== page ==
Terms of acceptance

  1. The Editor does not undertake to return any copies of the manuscript. Contributors are advised to retain at least one copy for themselves.
  2. Contributions to ELT Journal are sent to members of the Editorial Advisory Panel and acceptance is dependent upon their recommendation for publication. Within approximately three months of receiving it, the Editor will try to let you know whether, and if possible when, your contribution will be published.
  3. The Editor reserves the right to ask for reformatting of articles not submitted in the way indicated in this guide.
  4. The Editor reserves the right to make editorial changes in any manuscript accepted for publication to enhance style or clarity. A copy-edited version of the article will be sent to authors for approval, and should be returned with comments and/or corrections by the given date. Please, therefore, give your full address, fax number, and email address (if available).
  5. The cost of all fees payable for permission to use copyright material shall, unless otherwise agreed, be borne by the author.
  6. The Editor will assume that an article submitted for consideration has not been previously published, and is not being considered for publication elsewhere, either in the submitted form or in a modified version. Upon receipt of accepted manuscripts at Oxford Journals, authors will be invited to complete an online copyright licence to publish form. It is a condition of publication in ELT Journal that licence is assigned to Oxford University Press, subject to the following conditions:
    1. In assigning licence, you may use the article in subsequent publications written or edited by yourself, provided that acknowledgement is made of ELT Journal as the place of original publication, and that permission is obtained from the Publisher.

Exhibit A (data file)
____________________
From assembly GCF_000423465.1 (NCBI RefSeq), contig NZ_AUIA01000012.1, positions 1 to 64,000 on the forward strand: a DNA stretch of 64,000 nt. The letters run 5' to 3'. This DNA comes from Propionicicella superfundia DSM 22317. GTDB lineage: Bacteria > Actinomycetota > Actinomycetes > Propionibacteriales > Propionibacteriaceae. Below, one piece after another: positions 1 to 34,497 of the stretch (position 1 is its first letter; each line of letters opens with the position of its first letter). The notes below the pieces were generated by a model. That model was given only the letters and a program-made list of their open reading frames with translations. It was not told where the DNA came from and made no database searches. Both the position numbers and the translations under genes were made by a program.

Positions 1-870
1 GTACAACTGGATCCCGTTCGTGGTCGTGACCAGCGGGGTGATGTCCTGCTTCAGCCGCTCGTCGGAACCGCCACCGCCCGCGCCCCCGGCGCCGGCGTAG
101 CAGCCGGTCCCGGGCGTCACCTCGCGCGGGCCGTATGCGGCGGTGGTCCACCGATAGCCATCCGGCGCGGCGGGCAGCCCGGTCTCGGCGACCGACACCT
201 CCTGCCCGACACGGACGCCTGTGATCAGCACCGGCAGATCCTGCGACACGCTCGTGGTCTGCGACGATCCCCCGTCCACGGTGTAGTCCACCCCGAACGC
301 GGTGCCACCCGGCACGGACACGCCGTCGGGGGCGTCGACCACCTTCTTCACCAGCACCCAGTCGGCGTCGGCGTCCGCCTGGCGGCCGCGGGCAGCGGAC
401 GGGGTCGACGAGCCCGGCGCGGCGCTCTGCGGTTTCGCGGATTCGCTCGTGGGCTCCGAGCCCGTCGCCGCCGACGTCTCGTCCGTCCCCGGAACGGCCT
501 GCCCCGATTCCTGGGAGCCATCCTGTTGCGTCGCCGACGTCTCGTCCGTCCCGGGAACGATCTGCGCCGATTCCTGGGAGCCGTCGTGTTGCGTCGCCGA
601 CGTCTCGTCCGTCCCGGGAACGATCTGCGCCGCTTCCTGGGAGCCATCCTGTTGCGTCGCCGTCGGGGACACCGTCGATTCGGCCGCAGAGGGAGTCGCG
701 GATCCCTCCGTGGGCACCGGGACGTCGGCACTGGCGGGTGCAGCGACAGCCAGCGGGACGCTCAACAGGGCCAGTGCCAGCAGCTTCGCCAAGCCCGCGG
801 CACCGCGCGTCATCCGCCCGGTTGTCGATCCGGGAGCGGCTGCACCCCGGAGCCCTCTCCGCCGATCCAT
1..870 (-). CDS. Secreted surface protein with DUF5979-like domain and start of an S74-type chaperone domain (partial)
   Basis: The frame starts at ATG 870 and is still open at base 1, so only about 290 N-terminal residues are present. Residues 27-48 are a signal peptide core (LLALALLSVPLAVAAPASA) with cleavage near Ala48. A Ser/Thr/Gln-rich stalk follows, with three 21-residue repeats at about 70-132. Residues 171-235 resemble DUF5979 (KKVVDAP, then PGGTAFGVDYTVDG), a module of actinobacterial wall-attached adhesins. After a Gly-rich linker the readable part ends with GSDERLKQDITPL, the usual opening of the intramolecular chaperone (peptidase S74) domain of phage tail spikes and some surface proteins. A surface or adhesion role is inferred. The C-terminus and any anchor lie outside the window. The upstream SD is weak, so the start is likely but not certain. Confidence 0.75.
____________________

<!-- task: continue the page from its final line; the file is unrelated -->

2. The Publisher will normally give permission to a third party to reproduce your work in whole or in part, provided that your consent is also obtained. You are asked to refer to OUP all enquiries from third parties to reproduce your work.
    3. Please note that by submitting an article for publication you confirm that you are the corresponding/submitting author and that Oxford University Press ("OUP") may retain your email address for the purpose of communicating with you about the article. Please notify OUP immediately if your details change. If your article is accepted for publication OUP will contact you using the email address you have used in the registration process. Please note that OUP does not retain copies of rejected articles.
  7. If your contribution is published, you will receive two gratis copies of the issue in which it appears.

OPEN ACCESS OPTION FOR AUTHORS

ELT Journal authors have the option to publish their paper under the Oxford Open initiative; whereby, for a charge, their paper will be made freely available online immediately upon publication. After your manuscript is accepted the corresponding author will be required to accept a mandatory licence to publish agreement. As part of the licensing process you will be asked to indicate whether or not you wish to pay for open access. If you do not select the open access option, your paper will be published with standard subscription-based access and you will not be charged.

Oxford Open articles are published under Creative Commons licences. Authors publishing in ELT Journal can use the following Creative Commons licences for their articles:
• Creative Commons Attribution licence (CC-BY)
• Creative Commons Non-Commercial licence (CC-BY-NC)
• Creative Commons non-Commercial No Derivatives licence (CC-BY-NC-ND)

Please click here for more information about the Creative Commons licences.

Charges information

You can pay Open Access charges using our Author Services site. This will enable you to pay online with a credit/debit card, or request an invoice by email or post. The open access charges applicable are:

Regular charge - £2500/ $4000 / €3250
List B Developing country charge* - £1250 / $2000 / €1625
List A Developing country charge* - £0 /$0 / €0
*Visit our Developing Countries page for a list of qualifying countries

Orders from the UK will be subject to the current UK VAT charge. For orders from the rest of the European Union, OUP will assume that the service is provided for business purposes. Please provide a VAT number for yourself or your institution, and ensure you account for your own local VAT correctly.

Offprints

On publication of your article, details of free online access to your paper will be sent to the corresponding author, who may then circulate them to co-authors. Offprints and additional single issues can be ordered using the Oxford Journals Author Services site.

Contact:


Editor:

Graham Hall
ELT Journal
Department of Humanities
Lipman Building
Northumbria University
Newcastle upon Tyne
NE1 8ST, UK.

Email: editor@eltj.org

Book Reviews Editor:

Alessia Cogo
ELT Journal
PO Box 71304
London
SE17 9DD, UK.

Email: reviews@eltj.org

ELT Journal website: http://eltj.oxfordjournals.org